THE GRAFTED LIFE
In order to grow in life, we need to see that the Christian life is a grafted life (Rom. 11:24; 6:5; Gal. 2:20). Two trees of diverse kinds cannot be grafted. They cannot grow together because they are not of one kind. Because man was created according to God’s kind, man and God can be grafted together. If we are not clear about the principle of grafting, we will not be able to properly apprehend the matter of life. We will make mistakes related to life. Many Christians emphasize certain verses related to the Christian life, such as Romans 6:5 and Galatians 2:20. They feel that these verses refer to an exchanged life. However, the grafted life is not an exchanged life. The Christian life is a mingling of two lives, a life of two natures. Both lives still exist in the grafting.
Jesus was a fully grafted person, a person of two natures. On the one hand, when He lived on the earth He was the real God. On the other hand, He was a man expressing God. He was God expressed through man. We also are persons of two natures, the human and the divine. When we receive the divine life, our human life is not ended. Our human life still exists.
Even though the human and divine lives are of one kind, one is stronger than the other. We are now living by a weaker life with a stronger life. Whenever a weaker life is put with a stronger life, the stronger one subdues the weaker one. The sisters are the weaker vessels married to the brothers, who are the stronger vessels. For this reason, the wife takes the husband’s surname as her own. In this sense, the wives are subdued. On their wedding day, the sisters realize this and put a covering over their head. During the wedding only the husband’s head can be seen. This indicates that the two should live one life.
In the meeting we may joyfully proclaim, “I am a part of Christ, I am one with Christ, and I am mingled with Christ.” However, after the meeting, we may desire to be the head and want Christ to be the covered one. We must always remember that we are the wife and He is the Husband. As such, we are two persons living one life together without separation. One lives in the other and through the other. This is the way the grafted life can come into being.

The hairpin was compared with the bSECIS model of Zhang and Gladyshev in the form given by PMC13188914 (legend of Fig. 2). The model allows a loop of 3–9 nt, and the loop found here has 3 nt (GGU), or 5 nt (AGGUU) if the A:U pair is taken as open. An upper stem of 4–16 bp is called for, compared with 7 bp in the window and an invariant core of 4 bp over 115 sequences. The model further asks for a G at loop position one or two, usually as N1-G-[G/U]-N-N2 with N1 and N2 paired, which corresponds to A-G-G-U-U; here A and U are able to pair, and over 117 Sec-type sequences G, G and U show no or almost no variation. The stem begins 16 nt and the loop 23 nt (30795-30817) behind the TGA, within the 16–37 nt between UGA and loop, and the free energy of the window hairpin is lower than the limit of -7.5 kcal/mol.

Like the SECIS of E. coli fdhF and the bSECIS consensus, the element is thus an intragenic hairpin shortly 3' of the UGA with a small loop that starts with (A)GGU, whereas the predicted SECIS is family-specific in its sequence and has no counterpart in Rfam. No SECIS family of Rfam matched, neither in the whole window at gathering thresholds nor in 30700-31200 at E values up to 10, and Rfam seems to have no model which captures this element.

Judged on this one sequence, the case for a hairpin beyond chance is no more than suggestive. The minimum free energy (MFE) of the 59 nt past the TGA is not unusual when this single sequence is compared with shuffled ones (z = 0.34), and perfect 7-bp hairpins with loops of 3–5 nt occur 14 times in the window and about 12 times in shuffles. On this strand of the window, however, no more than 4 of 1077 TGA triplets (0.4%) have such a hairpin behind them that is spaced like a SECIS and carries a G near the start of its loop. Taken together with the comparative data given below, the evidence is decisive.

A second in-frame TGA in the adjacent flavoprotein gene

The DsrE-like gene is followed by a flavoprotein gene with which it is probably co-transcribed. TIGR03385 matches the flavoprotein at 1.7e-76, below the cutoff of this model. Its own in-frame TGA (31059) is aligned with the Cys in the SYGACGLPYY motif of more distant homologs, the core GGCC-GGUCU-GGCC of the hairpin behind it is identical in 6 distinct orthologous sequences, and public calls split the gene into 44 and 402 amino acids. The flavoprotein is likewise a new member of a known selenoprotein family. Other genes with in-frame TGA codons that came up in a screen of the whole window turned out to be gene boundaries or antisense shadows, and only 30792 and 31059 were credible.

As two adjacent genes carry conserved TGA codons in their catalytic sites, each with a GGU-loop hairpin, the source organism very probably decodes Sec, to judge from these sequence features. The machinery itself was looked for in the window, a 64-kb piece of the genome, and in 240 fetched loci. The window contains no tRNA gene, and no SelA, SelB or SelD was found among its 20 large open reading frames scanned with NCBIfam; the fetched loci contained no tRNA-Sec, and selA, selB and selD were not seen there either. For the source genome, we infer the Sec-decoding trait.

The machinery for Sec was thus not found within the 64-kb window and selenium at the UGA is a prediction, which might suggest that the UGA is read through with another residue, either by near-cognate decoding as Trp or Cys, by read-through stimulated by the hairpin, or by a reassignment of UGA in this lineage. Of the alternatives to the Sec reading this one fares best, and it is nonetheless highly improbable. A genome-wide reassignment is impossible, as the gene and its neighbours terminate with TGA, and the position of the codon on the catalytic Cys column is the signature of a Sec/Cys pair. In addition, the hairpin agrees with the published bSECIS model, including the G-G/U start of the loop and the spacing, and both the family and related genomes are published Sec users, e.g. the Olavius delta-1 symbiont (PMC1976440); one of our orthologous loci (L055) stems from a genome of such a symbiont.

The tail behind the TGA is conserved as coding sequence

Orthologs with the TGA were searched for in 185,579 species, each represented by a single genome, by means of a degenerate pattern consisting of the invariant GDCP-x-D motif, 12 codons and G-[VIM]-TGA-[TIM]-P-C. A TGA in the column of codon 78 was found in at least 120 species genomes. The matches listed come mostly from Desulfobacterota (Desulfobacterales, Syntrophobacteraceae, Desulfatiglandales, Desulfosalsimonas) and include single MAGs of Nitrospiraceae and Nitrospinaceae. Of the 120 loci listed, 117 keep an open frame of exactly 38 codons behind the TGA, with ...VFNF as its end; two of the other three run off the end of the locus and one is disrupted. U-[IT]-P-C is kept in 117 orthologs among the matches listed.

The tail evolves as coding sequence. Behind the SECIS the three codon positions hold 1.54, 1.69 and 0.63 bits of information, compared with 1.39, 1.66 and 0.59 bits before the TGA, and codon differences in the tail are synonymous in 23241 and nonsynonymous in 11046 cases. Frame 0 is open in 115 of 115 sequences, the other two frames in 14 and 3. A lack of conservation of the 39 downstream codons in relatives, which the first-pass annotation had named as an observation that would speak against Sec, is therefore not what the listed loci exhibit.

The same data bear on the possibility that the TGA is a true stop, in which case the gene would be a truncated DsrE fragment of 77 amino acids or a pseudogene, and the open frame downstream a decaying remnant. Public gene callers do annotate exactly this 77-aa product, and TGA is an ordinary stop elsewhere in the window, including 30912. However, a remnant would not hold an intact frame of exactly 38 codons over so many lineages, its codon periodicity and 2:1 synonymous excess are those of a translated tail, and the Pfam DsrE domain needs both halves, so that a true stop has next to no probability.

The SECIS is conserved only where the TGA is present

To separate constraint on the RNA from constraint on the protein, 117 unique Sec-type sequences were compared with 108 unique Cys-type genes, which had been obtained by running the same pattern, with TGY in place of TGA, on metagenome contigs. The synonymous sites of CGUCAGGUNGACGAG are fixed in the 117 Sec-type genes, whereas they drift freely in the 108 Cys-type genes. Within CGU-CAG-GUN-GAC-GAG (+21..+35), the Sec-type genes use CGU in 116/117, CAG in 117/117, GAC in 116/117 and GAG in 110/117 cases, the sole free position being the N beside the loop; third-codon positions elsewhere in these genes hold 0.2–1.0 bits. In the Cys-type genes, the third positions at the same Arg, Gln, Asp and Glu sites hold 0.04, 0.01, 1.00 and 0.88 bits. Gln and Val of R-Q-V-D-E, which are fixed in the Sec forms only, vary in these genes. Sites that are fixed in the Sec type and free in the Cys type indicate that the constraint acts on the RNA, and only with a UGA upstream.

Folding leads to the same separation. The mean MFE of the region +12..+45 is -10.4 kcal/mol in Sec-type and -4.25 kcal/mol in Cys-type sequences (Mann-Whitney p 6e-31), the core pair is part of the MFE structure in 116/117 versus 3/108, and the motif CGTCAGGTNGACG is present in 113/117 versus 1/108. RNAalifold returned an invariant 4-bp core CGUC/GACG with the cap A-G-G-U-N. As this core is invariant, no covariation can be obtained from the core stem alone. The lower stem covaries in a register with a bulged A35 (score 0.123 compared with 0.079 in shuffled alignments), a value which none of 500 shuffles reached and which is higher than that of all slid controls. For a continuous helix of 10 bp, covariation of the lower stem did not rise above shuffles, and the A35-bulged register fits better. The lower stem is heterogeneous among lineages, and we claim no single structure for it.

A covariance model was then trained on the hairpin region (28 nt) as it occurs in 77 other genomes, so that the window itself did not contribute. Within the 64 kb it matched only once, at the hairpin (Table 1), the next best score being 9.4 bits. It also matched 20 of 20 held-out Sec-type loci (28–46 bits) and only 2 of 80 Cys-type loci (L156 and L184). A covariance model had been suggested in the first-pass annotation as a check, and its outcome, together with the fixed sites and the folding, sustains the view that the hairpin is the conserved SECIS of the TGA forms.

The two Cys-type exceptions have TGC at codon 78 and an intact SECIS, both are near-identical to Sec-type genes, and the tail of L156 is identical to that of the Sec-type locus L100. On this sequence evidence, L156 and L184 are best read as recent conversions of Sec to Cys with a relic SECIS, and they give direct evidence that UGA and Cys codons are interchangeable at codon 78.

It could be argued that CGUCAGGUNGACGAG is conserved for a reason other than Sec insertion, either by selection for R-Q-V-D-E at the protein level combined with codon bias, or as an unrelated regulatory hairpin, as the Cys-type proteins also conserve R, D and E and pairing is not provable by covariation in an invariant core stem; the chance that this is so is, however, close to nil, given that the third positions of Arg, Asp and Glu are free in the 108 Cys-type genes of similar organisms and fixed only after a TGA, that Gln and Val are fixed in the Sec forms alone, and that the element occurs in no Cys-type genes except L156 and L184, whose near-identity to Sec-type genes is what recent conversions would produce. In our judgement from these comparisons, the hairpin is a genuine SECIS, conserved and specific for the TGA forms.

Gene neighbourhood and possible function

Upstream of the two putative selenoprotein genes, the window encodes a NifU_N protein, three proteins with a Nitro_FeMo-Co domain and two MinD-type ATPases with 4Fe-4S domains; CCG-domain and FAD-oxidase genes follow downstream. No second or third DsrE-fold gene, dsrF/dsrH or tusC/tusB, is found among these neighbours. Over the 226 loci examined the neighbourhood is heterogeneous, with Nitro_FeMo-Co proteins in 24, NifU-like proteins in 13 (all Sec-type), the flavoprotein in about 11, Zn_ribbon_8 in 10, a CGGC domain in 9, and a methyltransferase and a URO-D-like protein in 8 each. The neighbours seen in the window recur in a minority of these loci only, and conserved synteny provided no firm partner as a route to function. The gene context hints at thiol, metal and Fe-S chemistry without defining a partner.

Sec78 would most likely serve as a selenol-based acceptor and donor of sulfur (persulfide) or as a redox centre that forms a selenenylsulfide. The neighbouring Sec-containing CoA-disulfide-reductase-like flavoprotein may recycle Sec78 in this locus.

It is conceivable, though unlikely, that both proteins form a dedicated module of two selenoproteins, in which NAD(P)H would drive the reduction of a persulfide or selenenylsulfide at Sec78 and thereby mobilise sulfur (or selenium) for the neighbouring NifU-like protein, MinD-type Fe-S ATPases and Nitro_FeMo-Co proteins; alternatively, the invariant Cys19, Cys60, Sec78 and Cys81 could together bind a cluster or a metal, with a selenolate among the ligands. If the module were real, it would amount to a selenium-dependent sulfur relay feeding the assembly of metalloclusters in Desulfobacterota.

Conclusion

When we love, we do not love by ourselves. We love with Christ, through Christ, and in Christ, and Christ loves through us. This kind of love does not express our human virtue alone, but our human virtue with Christ’s divine attributes. His divine love becomes the very essence of our human love. This is not two loves existing together, but one love living in the other. This can be compared to a hand in a glove. The hand and the glove are not two parties merely existing together. Rather, the hand is put into the glove, making the two objects one. When we are loving others, it is Christ who is loving, but not by Himself; Christ is loving through us. He is the “hand” and we are the “glove,” not as a pair, but as one in the other. The human life has the divine life within it as its content, and the divine life has the human life as its expression. If this is not clear to us, we can never understand the Christian life.
Thank the Lord that there is such a thing as grafting. Hymn #482 in Hymns was written by A. B. Simpson, the founder of the Christian and Missionary Alliance. Verse three says:
This the secret nature hideth,
Harvest grows from buried grain;
A poor tree with better grafted,
Richer, sweeter life doth gain.
We must learn to see the grafted life and learn to exercise and practice it. We should not be joined with Christ as a pair. We must be joined to Him in the way of coinherence. He lives in us and we live in Him.
The Christian life is a grafted life, the mingling of two lives which are close in kind. To see this and practice it requires us to be in our spirit. We need to walk in life according to the spirit and do nothing without Christ. We should do everything with Christ and through Christ. If we do not have the assurance that we are doing something with Christ and through Christ, we should stop. This principle must be practiced throughout our entire Christian life.
(The Experience and Growth in Life, Chapter 4, by Witness Lee)